IPL Auctions 2014 – A Look Back
Firstly, I’m really sorry I couldn’t do any pre-auctions reviews this year. I had an unfortunately high amount of work and also fell sick, so I really had no time to do them.
However, because of that, I’m going to make this post-auction review the best it can possibly be. I’m not going to go in depth on each team, but I’m going to touch on the highlights, and talk about a few things. Hope you enjoy 🙂
This IPL auction was something different for several reasons. Of course, it was the quarterly team revamp auction, but it also featured many different twists to it. For instance, it was done in Indian Rupees, included the Right to Match cards (which you can read about here), and also included uncapped players. While the other two definitely have their own effects, the latter is probably the most crucial, because it meant that teams would have to look to literally build their entire squads in this auction, and would not simply be able to buy some stalwarts in the auction and look to pick up the uncapped players later. Hence, it required a whole new scope of planning from the franchises as they made their purchases in this auction.
There were plenty of highlights of course; most of all was Yuvraj Singh going to the Royal Challengers Bangalore for a hefty sum of 14 crore rupees – which is roughly $2.26 million – making him the second most expensive player in IPL history. His inclusion into the RCB side, along with Chris Gayle, Virat Kohli, and AB de Villiers, means that they have what is arguably the most devastating batting unit in the tournament. Next to Yuvraj was Dinesh Karthik, who was snapped up by his first franchise the Delhi Daredevils for an explosive sum of ₹12.5 crore which is around $2.02 million. It was also exciting to see Virender Sehwag (I do not speak for Delhi fans when I say this) purchased by the Kings XI Punjab, even if it was for a relatively small sum for someone of his stature. Some of the other interesting purchases included the little-known New Zealand quick Matt Henry (CSK), the Zimbabwe wicket-keeper batsman Brendan Taylor (SRH), and the young Australian T20 opener Nic Maddinson (RCB). Another player who earned a surprisingly high sum was the uncapped Indian all-rounder Karan Sharma. Although he was eventually bought back by his former franchise the Sunrisers Hyderabad, it was not before his price had shot up from a mere ₹30 lakh to a mammoth 3.75 crores (about $600,000), which was more than what capped stars like Sehwag, Irfan Pathan, and Brad Hodge got.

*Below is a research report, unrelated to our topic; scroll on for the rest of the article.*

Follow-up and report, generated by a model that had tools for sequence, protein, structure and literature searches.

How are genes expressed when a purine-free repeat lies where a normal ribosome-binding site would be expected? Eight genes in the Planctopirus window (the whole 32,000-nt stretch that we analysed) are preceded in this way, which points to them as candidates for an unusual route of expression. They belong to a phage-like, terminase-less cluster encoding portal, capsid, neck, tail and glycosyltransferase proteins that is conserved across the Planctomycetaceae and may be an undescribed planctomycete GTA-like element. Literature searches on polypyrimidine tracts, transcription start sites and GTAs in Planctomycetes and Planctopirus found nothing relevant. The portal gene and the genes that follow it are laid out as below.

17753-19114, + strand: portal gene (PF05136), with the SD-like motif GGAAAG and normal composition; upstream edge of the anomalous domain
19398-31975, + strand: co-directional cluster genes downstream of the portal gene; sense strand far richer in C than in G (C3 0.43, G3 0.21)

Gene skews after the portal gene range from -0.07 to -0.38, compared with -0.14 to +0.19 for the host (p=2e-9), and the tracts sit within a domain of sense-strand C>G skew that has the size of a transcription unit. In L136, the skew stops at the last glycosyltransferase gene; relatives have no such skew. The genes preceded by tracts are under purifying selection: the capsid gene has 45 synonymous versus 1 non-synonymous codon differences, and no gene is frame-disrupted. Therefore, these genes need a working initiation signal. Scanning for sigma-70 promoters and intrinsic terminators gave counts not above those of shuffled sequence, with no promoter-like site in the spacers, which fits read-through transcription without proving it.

The best post-auction squads, in my opinion, are those of the Sunrisers, Kings XI, and Royal Challengers. Kings XI probably made some of the best bargains of the auction, picking up players like Mitchell Johnson, George Bailey, Sehwag, Cheteshwar Pujara, and Thisara Perera; none of whom cost them more than 7 crores. The Sunrisers were probably one of the happiest franchises after the auction, after they walked out with guys like Aaron Finch, David Warner, and Naman Ojha combining with the already-retained Shikhar Dhawan to make up the SRH batting. In addition to this, their overall bowling attack now consists of Dale Steyn, Ishant Sharma, Bhuvneshwar Kumar, Irfan Pathan, Parveez Rasool, Amit Mishra, and Darren Sammy (which is already enough to make any batsmen pee in his pants), not even including their bench strength. The best part? None of their prices exceeded ₹5.5 crore. With RCB, it is easy to see why their side appears so intimidating. Not many look at a batting order containing Gayle, Kohli, de Villiers, Yuvraj, and Albie Morkel and say “that’s not good enough.” To add to their batting power, they pulled in former Sunrisers keeper batsman Parthiv Patel – who struck some crucial blows at the top of the order for SRH in both IPL 2013 and CLT20 2013 – India’s U19 World Cup hero Vijay Zol, and the talented Kenyan batsman Tanmay Mishra. Their bowling will be spearheaded by the Ozzie new-ball gun Mitchell Starc, ably assisted by Albie, Varun Aaron – one of India’s fastest bowlers today – Ashok Dinda, and Shadab Jakati. Hence, this RCB side resembles the one the Delhi Daredevils had in 2012, with the beefed up batting and the pace-reliant attack.
Another thing that surprised most was that not many Sri Lankan players were picked at all. In fact, only two – Muttiah Muralitharan and Thisara Perera – were picked in the entire auction. While there are many factors that could possibly have lead to the franchises turning their back on them – most prominent of which is their tour of England that would lead them to miss a large portion of the tournament. Despite that, I find it very surprising that no franchise was willing to make a long-term investment in a T20 specialist like Mahela Jaywardene, Tillakaratne Dilshan, or Ajantha Mendis. Of course the franchises may show more interest when they appear in next year’s auctions, but the unconventional shortage of Sri Lankan stars will be something new to the league this year.